Ad­vice to my newly re­tired mother

Daily Local News (West Chester, PA) - - FIFTY PLUS - By Mon­ica Paulino

There are thou­sands of ar­ti­cles, books, and web­sites to help fi­nan­cially pre­pare you for re­tire­ment. You can cal­cu­late how much you will need to live on, when to be­gin col­lect­ing So­cial Se­cu­rity, and how to down­size to min­i­mize liv­ing ex­penses.

There is con­sid­er­ably less guid­ance to tell you what to do when you ac­tu­ally reach that dis­tant dream. As some­one who works with re­tired peo­ple ev­ery day, it amazes me how many peo­ple are un­pre­pared — truly at a loss — when it comes to be­ing re­tired, day in and day out. Days that you thought would be filled with grand ad­ven­tures tem­pered with sies­tas and happy hours are sud­denly very busy with doc­tor ap­point­ments, phone calls to in­surance com­pa­nies, and oblig­a­tory babysit­ting. The next thing you know you’re count­ing the hours be­tween Kelly Ripa and Jeop­ardy.

The for­mula for a suc­cess­ful re­tire­ment is sim­ple: each and ev­ery month, with­out fail, try some­thing new. Here’s why: 1. The older we get, the smaller our world could be­come. We might go from mon­i­tor­ing our goal of 10,000 steps a day and to the 12 steps be­tween the kitchen and the easy chair. It is im­por­tant that we con­tinue phys­i­cal ac­tiv­ity to main­tain strength and mo­bil­ity, thereby re­duc­ing the risks of falls and dis­ease

2. The older we get, the more risk averse we could be­come. As chil­dren es­tab­lish their own fam­i­lies and/or we leave paid em­ploy­ment, we will have more time on our hands. And then we be­gin to spend that time wor­ry­ing! We worry about the kids, the grand­kids, our health, their health, our sav­ings, es­ca­lat­ing costs, etc., etc., etc. Our wor­ry­ing could stop us from get­ting out of the house. We are in­creas­ingly hes­i­tant. We can be­come more afraid.

3. The older we get, the fewer peo­ple we will likely have in our in­ner cir­cle. If re­tired from paid em­ploy­ment, we go from numer­ous ac­tiv­i­ties and work friends and col­leagues … to spouse and fam­ily, to tele­vi­sion per­son­al­i­ties and the mail­man. We can get lonely. A sim­ple Google search about lone­li­ness and iso­la­tion in se­niors re­veals a world of ill­ness that no amount of fi­nan­cial plan­ning will mit­i­gate.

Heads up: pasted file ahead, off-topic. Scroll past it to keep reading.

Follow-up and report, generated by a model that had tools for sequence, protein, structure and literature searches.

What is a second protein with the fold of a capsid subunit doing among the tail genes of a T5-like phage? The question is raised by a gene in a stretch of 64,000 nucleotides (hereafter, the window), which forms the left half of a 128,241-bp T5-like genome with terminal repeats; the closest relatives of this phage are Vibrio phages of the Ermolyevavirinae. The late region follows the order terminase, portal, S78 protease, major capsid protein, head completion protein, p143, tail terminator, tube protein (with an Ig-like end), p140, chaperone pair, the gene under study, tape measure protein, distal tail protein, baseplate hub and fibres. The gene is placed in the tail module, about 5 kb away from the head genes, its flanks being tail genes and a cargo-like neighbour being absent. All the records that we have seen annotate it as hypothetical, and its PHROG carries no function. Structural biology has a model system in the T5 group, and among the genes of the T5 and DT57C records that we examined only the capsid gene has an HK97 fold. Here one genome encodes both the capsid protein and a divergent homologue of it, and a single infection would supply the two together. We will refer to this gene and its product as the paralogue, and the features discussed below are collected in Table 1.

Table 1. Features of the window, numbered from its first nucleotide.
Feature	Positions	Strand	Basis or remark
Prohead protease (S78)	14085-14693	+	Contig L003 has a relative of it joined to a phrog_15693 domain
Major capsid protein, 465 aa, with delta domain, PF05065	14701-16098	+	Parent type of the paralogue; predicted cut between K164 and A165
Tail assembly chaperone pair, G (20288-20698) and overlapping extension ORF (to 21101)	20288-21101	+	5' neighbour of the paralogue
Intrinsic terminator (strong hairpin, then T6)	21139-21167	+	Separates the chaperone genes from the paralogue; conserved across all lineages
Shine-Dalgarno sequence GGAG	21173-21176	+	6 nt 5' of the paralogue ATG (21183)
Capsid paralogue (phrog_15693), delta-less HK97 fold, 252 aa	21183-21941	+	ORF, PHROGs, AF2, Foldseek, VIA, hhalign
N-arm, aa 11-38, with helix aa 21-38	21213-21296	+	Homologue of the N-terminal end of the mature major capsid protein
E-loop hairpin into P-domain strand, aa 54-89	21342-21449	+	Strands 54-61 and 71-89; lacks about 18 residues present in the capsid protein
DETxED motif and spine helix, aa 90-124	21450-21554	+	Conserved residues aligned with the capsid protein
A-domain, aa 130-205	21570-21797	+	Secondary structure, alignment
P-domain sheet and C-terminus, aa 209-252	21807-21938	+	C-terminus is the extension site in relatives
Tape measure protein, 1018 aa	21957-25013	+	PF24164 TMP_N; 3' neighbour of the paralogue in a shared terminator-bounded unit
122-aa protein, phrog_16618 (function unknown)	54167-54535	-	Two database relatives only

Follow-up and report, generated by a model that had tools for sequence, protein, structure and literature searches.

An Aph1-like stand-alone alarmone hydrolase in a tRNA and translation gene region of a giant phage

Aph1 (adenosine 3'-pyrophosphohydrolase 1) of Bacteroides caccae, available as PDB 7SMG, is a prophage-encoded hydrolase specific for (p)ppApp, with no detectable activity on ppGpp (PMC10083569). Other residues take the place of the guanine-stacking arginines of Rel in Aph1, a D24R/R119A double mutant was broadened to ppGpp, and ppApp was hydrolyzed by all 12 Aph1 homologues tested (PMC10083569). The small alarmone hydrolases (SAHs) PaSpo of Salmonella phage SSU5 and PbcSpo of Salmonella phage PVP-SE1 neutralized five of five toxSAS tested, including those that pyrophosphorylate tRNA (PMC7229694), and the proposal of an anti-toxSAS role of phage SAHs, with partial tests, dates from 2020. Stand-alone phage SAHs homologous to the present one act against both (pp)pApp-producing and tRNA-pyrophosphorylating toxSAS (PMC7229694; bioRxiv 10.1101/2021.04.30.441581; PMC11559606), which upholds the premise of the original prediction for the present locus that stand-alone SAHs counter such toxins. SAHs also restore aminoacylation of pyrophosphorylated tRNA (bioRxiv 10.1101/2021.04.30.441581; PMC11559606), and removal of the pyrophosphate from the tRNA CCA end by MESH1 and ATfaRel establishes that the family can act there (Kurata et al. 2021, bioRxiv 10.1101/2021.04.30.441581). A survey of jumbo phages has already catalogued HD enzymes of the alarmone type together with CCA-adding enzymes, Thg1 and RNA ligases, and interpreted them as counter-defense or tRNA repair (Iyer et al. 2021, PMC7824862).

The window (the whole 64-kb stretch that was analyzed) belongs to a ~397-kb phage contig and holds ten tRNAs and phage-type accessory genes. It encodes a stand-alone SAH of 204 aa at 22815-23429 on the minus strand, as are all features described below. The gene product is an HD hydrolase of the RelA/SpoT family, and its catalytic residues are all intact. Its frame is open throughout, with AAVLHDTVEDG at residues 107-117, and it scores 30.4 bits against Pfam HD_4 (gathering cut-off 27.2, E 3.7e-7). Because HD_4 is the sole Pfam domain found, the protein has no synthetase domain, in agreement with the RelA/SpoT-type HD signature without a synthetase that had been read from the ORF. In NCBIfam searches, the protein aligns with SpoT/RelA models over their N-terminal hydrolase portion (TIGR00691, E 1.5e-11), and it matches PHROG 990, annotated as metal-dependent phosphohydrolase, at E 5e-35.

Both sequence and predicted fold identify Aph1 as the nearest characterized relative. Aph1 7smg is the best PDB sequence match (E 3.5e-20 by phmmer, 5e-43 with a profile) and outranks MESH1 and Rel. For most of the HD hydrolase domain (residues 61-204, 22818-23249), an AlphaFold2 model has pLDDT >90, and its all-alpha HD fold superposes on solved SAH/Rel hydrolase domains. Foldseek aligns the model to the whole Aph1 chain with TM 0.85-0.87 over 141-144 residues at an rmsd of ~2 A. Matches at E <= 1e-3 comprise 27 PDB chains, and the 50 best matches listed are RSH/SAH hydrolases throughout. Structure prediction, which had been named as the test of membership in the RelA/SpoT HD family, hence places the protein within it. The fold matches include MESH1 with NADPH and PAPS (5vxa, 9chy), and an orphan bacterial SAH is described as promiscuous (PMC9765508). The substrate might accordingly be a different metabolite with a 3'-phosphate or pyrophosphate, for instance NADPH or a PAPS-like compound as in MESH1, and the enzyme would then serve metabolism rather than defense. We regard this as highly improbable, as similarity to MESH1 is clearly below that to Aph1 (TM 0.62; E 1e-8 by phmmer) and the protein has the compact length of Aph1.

Com­mit­ting to and sched­ul­ing some­thing new ev­ery sin­gle month once you re­tire will keep you en­gaged men­tally, phys­i­cally, emo­tion­ally and spir­i­tu­ally. You will de­velop the skills and re­serves you will need for a

full and en­gaged “golden years.” If you keep learn­ing – keep ex­plor­ing – “things new” you will keep you young.

Learn­ing, in­deed, is the foun­tain of youth.

We are blessed in Ch­ester County to have so many op­por­tu­ni­ties to try new things. We have won­der­ful out­door spa­ces and lots of walk­ing trails. We have se­nior-friendly classes at lo­cal com­mu­nity cen­ters and fit­ness fa­cil­i­ties, cook­ing classes at adult schools and area gro­cery stores, ex­ten­sive vol­un­teer op­por­tu­ni­ties at so­cial ser­vice agen­cies, day care cen­ters, the­aters, or other non­profit or­ga­ni­za­tions in the area.

Go to a lo­cal house of wor­ship and stay for cof­fee hour. Join a book club.

Do some­thing – do any­thing! If you try it and hate it – who cares? There is al­ways next month.

Pro­mot­ing Se­nior Well­ness is pro­vided by The Hick­man, a Quak­er­af­fil­i­ated li­censed per­sonal care home in West Ch­ester. This col­umn was writ­ten by Mon­ica Paulino, As­sis­tant Ex­ec­u­tive Direc­tor.

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